a study in miniature

I have writer’s block.

Or, not writer’s block exactly, because I can still write. I can always write. But I’m bored with my own writing — as I’m writing it. I find it even more boring when I read it. It’s not that I find it boring to write. I just don’t find anything I say very interesting.

In addition to all the other half-started writings around here, I have five unfinished journal entries. And an unstarted one in my head about Thanksgiving and whether the turkey’s ass juices really make the stuffing tastier. But since I’m not writing any of that, I’ll see if I can keep from boring myself too much with mini-writing.

Spicy Things
I found something else to like about Pike Place market. On Sunday, P. suggested checking out World Markets, which we had seen on Good Eats. First, we discovered the hidden free parking that until now we thought was an urban legend. And, as luck would have it, the parking is directly next to World Markets. It’s on the west side of Western ave, just between the two pedestrian bridges (well, and also under them). Parking up to one hour is free. Of course, if you’re planning to hit the actual market, you’ll have to climb the stairs, which could take an hour on its own. But, we were just there for the spices. And World Markets has them. Tons of them. Everywhere. Whole or ground. And at around $1 per ounce (more or less). And for most spices? And ounce is a lot. I first asked for two ounces of rubbed sage (for that ass-juiced stuffing, obviously) and the girl behind the counter told me just how much that would be. Which was way more than what I needed. So, go there and buy spices. Or order online. And if you do order online, you send them a check after you get the package. I guess they figure there aren’t too many spice thiefs. Although they do say “Our lawyers make us say that we reserve the right to ask for prepayment on large orders (just until we get to know you better) or if your track record of paying us is slower than molasses in winter. ”

Icy Things
Last night, P. and I caught the end of this documentary on PBS called Touching the Void about climbers who got stuck in a blizzard on a mountain in Peru and somehow made it out alive despite all of the universe’s efforts. We missed a whole bunch of it, but we came in when one guy was trying to help another guy, who had broken his leg, down the mountain. Since the guy with the broken leg couldn’t walk down, they had put together a rope system where the guy with two good legs would anchor himself into the ice and then slowly lower the broken leg guy down the slope. Once he got to the end of the rope, the broken leg guy would anchor himself in, and the first guy would hike down to him, and they’d repeat. We came in at the part where the guy with the broken leg was slowly being lowered until he started going over a cliff. He yelled back at the first guy to stop, but he couldn’t hear or see what was going on. And so he kept lowering and lowering until he was out of rope. And broken leg guy was dangling 80 feet below the ledge. And the ground was really far away. Only the first guy didn’t know what happened. He only knew that he wasn’t getting the signal that broken leg guy was anchored in. So, he could only sit there. Only, he started slipping.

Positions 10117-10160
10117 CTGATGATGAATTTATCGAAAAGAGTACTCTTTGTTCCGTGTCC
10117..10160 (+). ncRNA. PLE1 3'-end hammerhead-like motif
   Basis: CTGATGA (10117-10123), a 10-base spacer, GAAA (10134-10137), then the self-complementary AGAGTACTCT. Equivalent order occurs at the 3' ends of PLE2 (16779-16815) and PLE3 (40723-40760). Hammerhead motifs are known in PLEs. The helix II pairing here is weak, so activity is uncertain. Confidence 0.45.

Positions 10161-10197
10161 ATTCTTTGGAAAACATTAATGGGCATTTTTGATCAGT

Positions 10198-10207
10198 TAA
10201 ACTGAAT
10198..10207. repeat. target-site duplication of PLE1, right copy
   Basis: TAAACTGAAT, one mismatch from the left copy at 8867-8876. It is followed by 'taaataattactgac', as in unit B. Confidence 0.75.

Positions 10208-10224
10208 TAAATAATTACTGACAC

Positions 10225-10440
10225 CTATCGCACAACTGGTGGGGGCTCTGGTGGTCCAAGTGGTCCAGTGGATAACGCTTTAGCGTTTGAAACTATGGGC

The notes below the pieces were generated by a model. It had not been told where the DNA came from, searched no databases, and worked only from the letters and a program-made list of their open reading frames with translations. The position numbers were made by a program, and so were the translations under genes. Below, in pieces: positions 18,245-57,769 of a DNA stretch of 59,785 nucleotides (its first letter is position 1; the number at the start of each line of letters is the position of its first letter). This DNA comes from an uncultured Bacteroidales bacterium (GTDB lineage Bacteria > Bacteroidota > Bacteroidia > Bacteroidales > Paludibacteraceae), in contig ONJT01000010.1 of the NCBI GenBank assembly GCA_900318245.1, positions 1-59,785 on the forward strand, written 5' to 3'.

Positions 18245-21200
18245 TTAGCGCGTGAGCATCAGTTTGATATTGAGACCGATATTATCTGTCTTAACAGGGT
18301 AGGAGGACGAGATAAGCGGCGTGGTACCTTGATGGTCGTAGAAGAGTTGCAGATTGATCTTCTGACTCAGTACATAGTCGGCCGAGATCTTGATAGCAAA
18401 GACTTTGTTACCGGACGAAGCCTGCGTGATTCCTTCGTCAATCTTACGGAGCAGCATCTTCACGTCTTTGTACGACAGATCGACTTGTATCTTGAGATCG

Meanwhile, dangling guy tried to figure out how to makeshift a way to climb up, only frozen fingers, lots of trying, dropping needed parts… it was very painful to watch. And stuck guy was slipping and thinking they were both going to tumble down the mountain and die and dangling guy kept waiting for stuck guy to slip to his death and come plunging over the ledge and then weighting him like an anchor and throwing him to his death too. Good times.

So, finally, stuck and now slipping guy cut the rope. So, only the dangling broken leg guy plunged to his death. Only not to his death exactly, more like to a claustrophic crevice from which there was no escape.

The next morning, the rope cutter hiked down, realized what had happened, but didn’t think to look down into the crevice to see if his friend might still be alive, and hiked back to camp. Where he told the guy at camp that their friend was dead and so obviously, they burned their trapped friend’s clothes.

Anyway, trapped guy did eventually find a way out and crawl over the glacier and down the rocks to camp, just before his friends packed up and headed home. And he was pretty pissed that they had burned his clothes, because what he was wearing had gotten a little smelly.

But what about the rope cutting thing? It’s impossible, really, to say what you might do, because they were sleep deprived, hungry, thirsty, exhausted, and probably hallucinating. There is not much room for logic when you’ve got hallucinations to occupy your mind. Also, as a viewer, you know all the factors; rope cutter guy only knew that he was about to be pulled to his death. He didn’t think his friend was dangling over a cliff – he figured his friend was stuck somewhere and could use his help. He didn’t realize that he was “helping” his friend into a crevice from which there was seemingly no escape. And why didn’t dangling guy cut the rope himself as not to drag his helpful friend over the edge with him? Probably because it didn’t occur to him. His thoughts probably consisted of: “freezing. really really cold. also thirsty. could use some water about now. cold. can’t move fingers. wow this rope hurts. don’t look down.”

Anyway, they seem to still be friends. And even climbed that same mountain again in order to film for the documentary. However, you did not see them together at any point. Not that I’m saying they took separate helicopters up the mountain or anything. But they did burn his clothes.

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